By Jim Schutze
By Rachel Watts
By Lauren Drewes Daniels
By Anna Merlan
By Lee Escobedo
By Eric Nicholson
"Can you see her?" he whispered. We were standing about six feet away from the tree, which was surrounded by a chicken-wire fence. Pink plastic flowers and burnt-out candles circled the trunk.
He introduced himself as Martin Espinoza of Oak Cliff. He wore gray sweats, leather sandals and a hat bearing the emblem of Chivas, the popular Mexican soccer team. This was his first visit to the tree, he said. He heard about it on the news and came to see for himself.
Behind us were his two children, as well as a teenage girl with untied shoelaces and a grandmother making her sixth visit to the tree.
Small crowds like this had been coming here for weeks, ever since Eva Alejandro-Peña saw an image of the Virgin Mary in one of her trees. Now every tree in her small Oak Cliff yard had a shrine of poinsettias and candles left by people who'd seen Mary in the bark or in a knot or in the space between two branches.
Espinoza pointed to a dark spot near the base of the tree we were facing. It looked like a section of bark had been chipped away, leaving the outline of a bell-like shape, about three feet high and a foot across. Then he pointed to a knot near the lower branches.
"That's her head, no?"
"Sí," the woman behind us said. "La Virgen."
She took out her cellphone to show us a picture she'd taken of it. "Do you see that white spot?" she asked, pointing to the smudged screen. "Some people see Jesus' face."
The teenager, Araceli, led me to another tree in the yard. She pointed to a knot near the bottom. "I spotted this one," she said. "Can you see it?"
I looked hard. In the middle of the knot was a straight line. At a certain angle, it looked like a stick figure surrounded by an aura of light.
"It's the Virgin of Guadalupe," she said proudly.
When Alejandro came across the first image in late November, her husband, Gilbert Peña, called WFAA-Channel 8. After their report aired and a picture of the tree appeared on the front page of Al Día, Dallas' Spanish-language daily, other media outlets started calling. Four channels did stories on the tree, including Univision and Telemundo. After the story hit Central America, hordes of believers started making the pilgrimage to Alejandro's yard in the 2900 block of South Edgefield Road. A woman brought a crippled boy in a wheelchair, pushing him close enough to touch the image. Others knelt before it, hoping it would cure them of cancer or diabetes.
"People come straight from the hospital with bandages still on them," Alejandro said. "They come from all over. We've had people from Waco and San Antonio. We even had a couple from Korea."
One night, there were close to 500 people in the yard, Alejandro said, including a mariachi band. On another occasion, a city bus driver stopped in the middle of the street, ran to touch the tree, then rushed back to his bus and drove off. So many believers have come, she said, her front lawn has been reduced to a plot of dirt.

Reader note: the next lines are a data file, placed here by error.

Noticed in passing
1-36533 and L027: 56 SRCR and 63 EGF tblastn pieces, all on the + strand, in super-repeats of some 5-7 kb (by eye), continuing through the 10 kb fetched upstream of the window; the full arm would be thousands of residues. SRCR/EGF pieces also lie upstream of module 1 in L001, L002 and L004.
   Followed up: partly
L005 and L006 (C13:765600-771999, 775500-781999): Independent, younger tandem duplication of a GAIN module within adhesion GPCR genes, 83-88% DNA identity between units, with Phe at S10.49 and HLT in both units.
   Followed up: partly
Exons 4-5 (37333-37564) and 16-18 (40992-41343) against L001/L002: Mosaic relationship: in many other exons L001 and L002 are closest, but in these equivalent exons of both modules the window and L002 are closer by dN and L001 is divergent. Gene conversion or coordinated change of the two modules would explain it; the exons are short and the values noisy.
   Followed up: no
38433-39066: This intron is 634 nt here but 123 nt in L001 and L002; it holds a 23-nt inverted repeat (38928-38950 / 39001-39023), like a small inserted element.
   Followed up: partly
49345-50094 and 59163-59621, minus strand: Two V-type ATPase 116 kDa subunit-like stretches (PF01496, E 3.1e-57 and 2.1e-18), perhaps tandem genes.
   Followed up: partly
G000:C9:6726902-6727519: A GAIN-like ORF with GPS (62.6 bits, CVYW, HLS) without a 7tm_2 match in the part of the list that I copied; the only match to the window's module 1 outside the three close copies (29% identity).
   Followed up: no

Nothing, not even cold, biting December winds, has stopped the stream of seekers.
I visited her on an overcast Tuesday in December, hoping to find out more about how the image came to be and what it meant. She invited me inside to watch a news program on the tree. She said she didn't mind the constant flow of people in her yard. In fact, she seemed to enjoy the attention. While we were talking, an NBC television reporter poked his head in the door to say he was waiting outside for an interview. She smiled and asked if she could change first and put on fresh makeup.
Even though Alejandro is not Catholic, she said the appearance of Mary in her tree has deeply affected her, and that it has renewed the faith of her husband, who is Catholic. She speaks often of miracles, especially the time God saved her from death during childbirth. And while she seems prone to hyperbole (she said she has had more than 30 operations on her ears), she comes across as honest and sincere.
"People tell me, 'You're truly blessed. Y'all are the chosen ones,'" she said. She smiled at the thought. "People come out here with cancer and diabetes and can't walk, and they're praying for a miracle. My heart goes out to them."
Alejandro said her youngest daughters, ages 4 and 5, uncovered the image after picking bark off the tree for weeks, sometimes until their fingers bled. When she asked what they were doing, they told her they heard crying from the tree.
"They told me, 'She's sad,' and I said, 'Well of course she's sad, you guys are picking away at her.' I thought they meant the tree, but they meant Mary."